Negative Effects in Mental Abilities Present Even After Years Of Breast Cancer Therapy

Recommend to others!

Cancer has always brought devastating impact to people’s lives physically, emotionally and financially. More than that, treatment approaches have also been responsible for some detriments. For example, chemotherapeutic agents cause side effects like nausea and vomiting, hair loss and myelosuppression and suppression of the immune system. Studies are being continuously conducted to give light to its other effects. It was revealed in a recent analysis that breast cancer survivors may still suffer from cognitive problems even after many years after therapy. This is found online in CANCER, which is a peer-reviewed journal of the American Cancer Society. This investigation connotes that there may be some usual and treatment-specific ways that anti-cancer interventions have negative outcomes in survivor’s cognitive abilities.

Studies in the past noted that chemotherapy may lead to problems related to memory and concentration in survivors of breast cancer. Paul Jacobsen, PhD, (from the Moffitt Cancer Center and Research Institute in Tamps) and his team aimed to make a comparison of the effects of different types of cancer treatment on cognitive abilities. They performed an examination of 62 breast cancer patients who received chemotherapeutic and radiation treatment, 67 patients who received radiation only, and 184 patients without history of cancer. Six months after they complete treatment and then 36 months later, the participants in this study underwent neuropsychological assessments.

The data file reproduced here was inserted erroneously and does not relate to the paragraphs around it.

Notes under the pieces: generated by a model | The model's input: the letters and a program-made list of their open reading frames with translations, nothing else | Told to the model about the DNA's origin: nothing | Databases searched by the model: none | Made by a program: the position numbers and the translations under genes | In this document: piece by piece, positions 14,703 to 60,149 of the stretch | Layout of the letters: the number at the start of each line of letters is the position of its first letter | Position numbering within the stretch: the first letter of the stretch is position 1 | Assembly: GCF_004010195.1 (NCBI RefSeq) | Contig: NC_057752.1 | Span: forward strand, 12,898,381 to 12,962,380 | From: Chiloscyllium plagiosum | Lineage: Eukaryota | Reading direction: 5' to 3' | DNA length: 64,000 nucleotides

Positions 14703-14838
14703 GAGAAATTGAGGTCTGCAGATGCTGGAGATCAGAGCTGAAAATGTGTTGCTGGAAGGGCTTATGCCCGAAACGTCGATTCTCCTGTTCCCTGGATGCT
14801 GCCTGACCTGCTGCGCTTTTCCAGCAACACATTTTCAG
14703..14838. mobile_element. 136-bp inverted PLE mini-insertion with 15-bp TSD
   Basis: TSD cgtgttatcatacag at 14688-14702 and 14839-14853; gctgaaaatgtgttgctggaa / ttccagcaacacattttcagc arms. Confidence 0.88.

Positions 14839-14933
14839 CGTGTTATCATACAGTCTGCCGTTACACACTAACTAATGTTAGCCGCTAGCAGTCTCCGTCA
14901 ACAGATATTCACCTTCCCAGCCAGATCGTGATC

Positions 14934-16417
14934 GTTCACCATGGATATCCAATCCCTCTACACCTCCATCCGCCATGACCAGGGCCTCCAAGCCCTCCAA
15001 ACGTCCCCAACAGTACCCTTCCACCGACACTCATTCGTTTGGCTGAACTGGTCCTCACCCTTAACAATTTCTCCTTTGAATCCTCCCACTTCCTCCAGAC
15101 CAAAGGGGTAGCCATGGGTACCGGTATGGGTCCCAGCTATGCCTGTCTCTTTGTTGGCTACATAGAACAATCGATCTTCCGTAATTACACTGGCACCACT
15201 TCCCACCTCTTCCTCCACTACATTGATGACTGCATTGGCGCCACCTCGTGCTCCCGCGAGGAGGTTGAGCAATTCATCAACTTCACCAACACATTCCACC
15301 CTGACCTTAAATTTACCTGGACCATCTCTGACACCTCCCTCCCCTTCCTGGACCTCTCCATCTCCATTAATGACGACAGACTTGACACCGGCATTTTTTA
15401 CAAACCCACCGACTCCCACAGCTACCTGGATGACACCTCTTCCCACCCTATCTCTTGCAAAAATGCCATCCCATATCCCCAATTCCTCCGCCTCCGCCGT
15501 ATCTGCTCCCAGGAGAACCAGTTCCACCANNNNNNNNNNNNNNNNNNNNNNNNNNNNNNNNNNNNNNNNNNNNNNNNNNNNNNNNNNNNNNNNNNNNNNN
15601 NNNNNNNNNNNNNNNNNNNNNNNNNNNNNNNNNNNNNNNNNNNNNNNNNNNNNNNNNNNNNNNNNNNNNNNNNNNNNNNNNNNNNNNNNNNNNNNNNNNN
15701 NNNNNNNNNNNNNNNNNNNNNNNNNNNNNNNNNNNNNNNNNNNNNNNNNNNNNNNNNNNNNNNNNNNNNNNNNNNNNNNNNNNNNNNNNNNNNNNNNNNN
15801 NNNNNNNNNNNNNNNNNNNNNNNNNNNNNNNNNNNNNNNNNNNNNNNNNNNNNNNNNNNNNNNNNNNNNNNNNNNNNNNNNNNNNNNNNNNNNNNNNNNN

Moreover, it was demonstrated in the study that chemotherapeutic intervention can result to problems in mental abilities of breast cancer patients. This was said to persist for three years after they completed the treatment. Furthermore, the research team discovered that breast cancer survivors treated with radiation only frequently suffered the same problems with those breast cancer survivors who received chemotherapeutic and radiation therapies. On the other hand, they found no evidence that hormonal therapy, like tamoxifen, led to cognitive disabilities.

Additionally, according to Dr. Jacobsen, it was shown in their study results that the problems some breast cancer survivors experience in relation to their cognitive abilities are not caused by administration of chemotherapy. He further added that their findings gave a more thorough understanding on the effects of cancer therapy on the mental aspect of breast cancer survivors, compared with studies which did not follow survivors in a long period or explore cognition in patients treated with chemotherapy. Their findings can be useful in helping patients cope better with the cognitive impact of anti-cancer interventions.




Speak Your Mind


Current day month ye@r *